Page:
Cops deal with more than meets the eye.

Last June there was a demonstration held in Concord N.H. Both sides of the gun debate were in attendance. There were a few tense incidents as reported in the, New Hampshire Union Leader, which is not surprising with such a highly charged issue. And, while my affinity and affection are staunchly embedded with the pro-Second Amendment folks, one incident I watched on a video of the event disturbed me. The incident involved a pro-gun participant who refused to cooperate with the police to the point where officers applied a Taser, arrested, and then hauled, Daniel Musso, 52, of Brentwood, off to the station. Sadly, all of this was avoidable, and once again, the cops are the scapegoats for someone else’s bad behavior.

The problem is that many pro-gun folks are nearly as ignorant of police procedures as those in the gun-control movement. To convey the environment into which the police arrived, one needs to see the video of the interaction and altercation. From the police officer’s manner and words, it appears the cops were not particularly keyed up. The officer informed Mr. Musso that they had received complaints regarding his belligerent behavior. When an officer does this, he is presenting information that he has received and which he or she is duty-bound to investigate. The officers are not clairvoyant; they didn’t magically appear; they were investigating a complaint received from a citizen.

At one point, Mr. Musso grasps the officer by his shoulders—BIG MISTAKE! You never put hands on a cop in this manner while he or she is investigating an incident. NEVER! Now, of course, the totality of the circumstances comes into play. Mr. Musso was a good sized man, and though I have little doubt, watching from the comfort of my desk, at my leisure, that Musso likely intended no harm, he both physically contacts the officer and attempts to turn him in another direction—away from Musso. Mr. Musso may know he means the officer no harm, everyone else may believe Mr. Musso means no harm, but the officers cannot afford the luxury of guessing at Mr. Musso’s intent. Never touch a police officer while he or she is performing their duties.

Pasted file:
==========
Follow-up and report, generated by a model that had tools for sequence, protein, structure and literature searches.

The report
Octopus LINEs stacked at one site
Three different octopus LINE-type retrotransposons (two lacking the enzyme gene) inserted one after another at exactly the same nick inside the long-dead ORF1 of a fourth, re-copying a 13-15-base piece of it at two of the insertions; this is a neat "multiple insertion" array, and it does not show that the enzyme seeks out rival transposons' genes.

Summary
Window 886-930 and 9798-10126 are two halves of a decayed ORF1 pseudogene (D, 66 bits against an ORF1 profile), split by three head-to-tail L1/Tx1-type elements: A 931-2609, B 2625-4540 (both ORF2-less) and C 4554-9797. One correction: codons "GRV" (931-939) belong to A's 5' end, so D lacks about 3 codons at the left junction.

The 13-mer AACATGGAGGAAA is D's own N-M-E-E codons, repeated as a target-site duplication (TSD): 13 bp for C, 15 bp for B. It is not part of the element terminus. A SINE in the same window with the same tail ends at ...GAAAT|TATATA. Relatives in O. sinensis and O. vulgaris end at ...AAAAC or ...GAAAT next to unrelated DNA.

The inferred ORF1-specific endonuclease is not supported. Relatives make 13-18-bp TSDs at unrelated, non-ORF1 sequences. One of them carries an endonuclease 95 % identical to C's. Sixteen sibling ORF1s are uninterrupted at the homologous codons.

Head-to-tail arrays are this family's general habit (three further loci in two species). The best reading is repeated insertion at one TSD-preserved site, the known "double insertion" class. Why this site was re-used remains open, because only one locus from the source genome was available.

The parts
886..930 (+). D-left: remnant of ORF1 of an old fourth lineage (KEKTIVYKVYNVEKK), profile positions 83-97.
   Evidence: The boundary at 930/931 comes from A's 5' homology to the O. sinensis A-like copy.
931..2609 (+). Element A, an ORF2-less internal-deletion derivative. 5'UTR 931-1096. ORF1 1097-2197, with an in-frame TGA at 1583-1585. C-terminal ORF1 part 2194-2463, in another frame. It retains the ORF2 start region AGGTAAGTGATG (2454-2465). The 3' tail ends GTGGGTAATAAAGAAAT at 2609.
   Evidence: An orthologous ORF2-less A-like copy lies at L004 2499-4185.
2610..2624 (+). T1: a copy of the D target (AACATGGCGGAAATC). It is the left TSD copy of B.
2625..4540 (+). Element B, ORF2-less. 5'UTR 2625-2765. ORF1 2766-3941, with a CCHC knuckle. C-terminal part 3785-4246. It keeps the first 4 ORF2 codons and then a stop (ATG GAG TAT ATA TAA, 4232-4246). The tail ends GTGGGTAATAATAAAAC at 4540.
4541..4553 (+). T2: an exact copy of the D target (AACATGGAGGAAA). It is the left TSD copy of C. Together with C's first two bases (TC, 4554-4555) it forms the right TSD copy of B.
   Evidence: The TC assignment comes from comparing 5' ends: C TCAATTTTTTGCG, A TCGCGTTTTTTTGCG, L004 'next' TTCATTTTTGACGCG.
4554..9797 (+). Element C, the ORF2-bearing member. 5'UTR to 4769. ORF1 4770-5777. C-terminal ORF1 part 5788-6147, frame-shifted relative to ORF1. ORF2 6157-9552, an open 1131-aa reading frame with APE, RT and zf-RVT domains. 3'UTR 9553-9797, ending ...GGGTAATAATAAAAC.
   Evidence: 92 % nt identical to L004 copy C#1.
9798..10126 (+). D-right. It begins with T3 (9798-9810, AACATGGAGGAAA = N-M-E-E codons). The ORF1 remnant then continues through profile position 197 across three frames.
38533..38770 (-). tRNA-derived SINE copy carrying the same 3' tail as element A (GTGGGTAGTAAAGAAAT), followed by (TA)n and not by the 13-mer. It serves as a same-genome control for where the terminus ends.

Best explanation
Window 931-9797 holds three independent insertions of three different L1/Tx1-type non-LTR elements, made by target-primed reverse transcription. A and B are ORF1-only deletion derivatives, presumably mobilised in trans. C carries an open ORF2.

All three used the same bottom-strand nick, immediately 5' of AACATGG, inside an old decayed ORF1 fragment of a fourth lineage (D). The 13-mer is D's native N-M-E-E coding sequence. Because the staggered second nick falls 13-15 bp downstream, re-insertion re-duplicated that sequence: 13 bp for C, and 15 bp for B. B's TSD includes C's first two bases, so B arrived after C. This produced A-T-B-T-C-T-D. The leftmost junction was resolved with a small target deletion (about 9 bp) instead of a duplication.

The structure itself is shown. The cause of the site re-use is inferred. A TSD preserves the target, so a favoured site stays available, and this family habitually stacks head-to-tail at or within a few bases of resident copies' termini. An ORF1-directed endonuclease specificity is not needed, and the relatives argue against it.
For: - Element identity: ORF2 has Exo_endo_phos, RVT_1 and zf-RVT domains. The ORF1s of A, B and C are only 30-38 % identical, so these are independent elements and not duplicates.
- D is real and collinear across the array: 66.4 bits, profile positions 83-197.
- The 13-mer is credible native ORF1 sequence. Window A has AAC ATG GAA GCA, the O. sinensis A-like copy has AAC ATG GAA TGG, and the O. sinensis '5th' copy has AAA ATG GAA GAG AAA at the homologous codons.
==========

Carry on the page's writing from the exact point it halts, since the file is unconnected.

The situation escalated from here. Mr. Musso, who appeared to me, by his countenance and expression, to know exactly what he was doing (because it’s happened to me), employed what seems like passive resistance. However, I’d ask that one look closely. Musso was actively doing two things: He was refusing to comply with the officers‘ simple instructions to place his hands behind his back, and he was physically resisting the officersattempts to place Musso into handcuffs.

Here are three officers, surrounded by a hostile crowd, attempting to control a large man who is refusing to cooperate with the police, and yet there are still people who criticize the police, though they haven’t an ounce of police training. I heard one man in the crowd yell repeatedly, “Hey, he’s not fighting you.” I understand the man’s confusion as TV, movies, and videogames have taught many that it’s not a “fight” unless it’s a knock-down-drag-out. Well, when a police officer is conducting his or her duty, he or she has a right not to be touched, and the citizen has an obligation to comply with an officer’s instructions. If Musso feels he has been mistreated, there is a time and place to address that later.

When I use the term, ignorant, when referring to the average person’s knowledge of police procedure, I’m not trying to be insulting, although I can see how some might bristle at the description. Hell, watching incidents on video, or from a distance, I know there are even some cops who succumb to the knee-jerk reaction because it just looks so damned bad.

However, if one takes the time to dissect what actually occurred, piece-by-piece, one may become enlightened. One still might not like it, but one may be willing to give the officers—the people actually involved and whose safety is at risk—the benefit of the doubt that most police officers have earned and deserve.

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